GOMA – Uganda’s Minister for Health, Dr Jane Ruth Aceng has Wednesday met with Congolese Minister for Health, Dr Sem Llunga and discussed areas of collaboration in the efforts to fight the Ebola epidemic in DRC.
The two Ministers met at Linda Hotel in the city of Goma, East of the Democratic Republic of Congo (DRC).
The Congolese team led by Minister Dr Sem Llunga expressed concern over the insecurity in some parts of the Eastern province which has hampered their response to Ebola outbreak.
The Allied Democratic Forces (ADF) rebels have in recent months carried out a number of attacks in Beni, some targeting peacekeepers and civilians, leaving many dead.
On Wednesday, Dr Llunga revealed that there are areas within the Ebola hit zone which are controlled by local militias known as Mia Mia with whom they have to negotiate before deploying health care workers.
In the areas controlled by ADF insurgents however, there have been no Ebola response interventions, he added.
“The security situation in the jungles controlled by the ADF has made it difficult for us to respond to the outbreak in these areas. We have not made any contact with the ADF,” Congo’s Health Minister said.
In her remarks, the Ugandan Minister, Dr Aceng thanked the DRC government for intercepting five families with affected persons who were trying to cross into Uganda.
She reported that Uganda has not confirmed a case, but was quick to add that the scale of the ongoing outbreak in DRC presents a formidable risk of spread beyond the current epicenter.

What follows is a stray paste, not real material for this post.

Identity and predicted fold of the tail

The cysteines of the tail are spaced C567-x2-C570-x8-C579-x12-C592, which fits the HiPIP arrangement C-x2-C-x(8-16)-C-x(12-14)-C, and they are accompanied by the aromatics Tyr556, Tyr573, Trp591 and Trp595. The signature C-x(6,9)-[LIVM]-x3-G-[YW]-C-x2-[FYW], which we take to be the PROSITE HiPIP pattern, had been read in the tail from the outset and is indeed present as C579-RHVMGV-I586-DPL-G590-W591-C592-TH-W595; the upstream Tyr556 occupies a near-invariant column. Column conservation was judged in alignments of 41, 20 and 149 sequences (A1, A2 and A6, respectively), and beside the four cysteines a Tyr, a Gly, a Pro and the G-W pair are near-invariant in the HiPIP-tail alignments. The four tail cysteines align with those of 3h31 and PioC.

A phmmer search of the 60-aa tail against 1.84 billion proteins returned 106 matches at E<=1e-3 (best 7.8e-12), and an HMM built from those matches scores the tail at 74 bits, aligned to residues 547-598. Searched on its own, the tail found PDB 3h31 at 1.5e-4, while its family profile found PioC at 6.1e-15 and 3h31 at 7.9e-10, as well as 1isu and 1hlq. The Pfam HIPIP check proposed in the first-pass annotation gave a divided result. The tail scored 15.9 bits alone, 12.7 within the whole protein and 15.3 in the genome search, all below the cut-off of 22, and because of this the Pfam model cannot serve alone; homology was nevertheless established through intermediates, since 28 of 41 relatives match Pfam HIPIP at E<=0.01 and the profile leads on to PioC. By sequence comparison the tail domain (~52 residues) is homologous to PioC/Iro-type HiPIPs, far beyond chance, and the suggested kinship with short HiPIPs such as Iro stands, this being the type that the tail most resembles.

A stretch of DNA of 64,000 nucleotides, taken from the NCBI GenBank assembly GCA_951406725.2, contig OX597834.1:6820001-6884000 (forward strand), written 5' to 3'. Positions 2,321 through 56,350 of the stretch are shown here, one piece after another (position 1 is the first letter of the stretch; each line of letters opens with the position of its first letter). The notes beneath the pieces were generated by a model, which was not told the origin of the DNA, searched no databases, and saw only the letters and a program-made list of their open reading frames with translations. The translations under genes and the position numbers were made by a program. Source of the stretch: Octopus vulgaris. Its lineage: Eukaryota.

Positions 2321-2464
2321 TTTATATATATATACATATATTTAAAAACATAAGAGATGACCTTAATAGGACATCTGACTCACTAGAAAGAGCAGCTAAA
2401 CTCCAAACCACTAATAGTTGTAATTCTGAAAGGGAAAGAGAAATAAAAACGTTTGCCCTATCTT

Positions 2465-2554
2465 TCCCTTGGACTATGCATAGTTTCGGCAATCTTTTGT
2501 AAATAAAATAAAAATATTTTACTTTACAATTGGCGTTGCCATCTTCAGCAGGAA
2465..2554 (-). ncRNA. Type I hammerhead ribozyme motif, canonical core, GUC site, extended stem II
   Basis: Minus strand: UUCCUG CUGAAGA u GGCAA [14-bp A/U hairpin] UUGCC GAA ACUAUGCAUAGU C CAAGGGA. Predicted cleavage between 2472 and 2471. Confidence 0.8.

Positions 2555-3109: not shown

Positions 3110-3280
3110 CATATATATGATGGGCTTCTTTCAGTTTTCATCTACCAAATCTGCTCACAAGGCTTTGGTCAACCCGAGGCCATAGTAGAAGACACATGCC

This, Minister Aceng said is due to challenges related to the technical problems related to case containment and large numbers of people who across daily the common border for several socio-economic reasons.
“This meeting comes timely to agree on high level coordination mechanisms and common platform to address common challenges in containing the outbreak,” she said.
The Ugandan Minister said her team was eager to learn from the experiences and lessons learnt by the Congolese authorities since the Ebola outbreak.
“We hope to agree on a harmonized mechanism for responding to the common epidemic across our common borders,” Dr Aceng said.
She also spoke to the need for collaboration in strengthening; information exchange, cross border surveillance, undertaking joint risk assessments and joint response as well as mapping common crossing points with significant population movements for joint screening and monitoring.
The DRC Ministry of Health indicated that it has vaccinated over 10,000 health care workers in the areas affected by the outbreak, these include modern and traditional health workers.
As of December 3, 2018, the Congolese government had registered 267 deaths and 405 confirmed cases.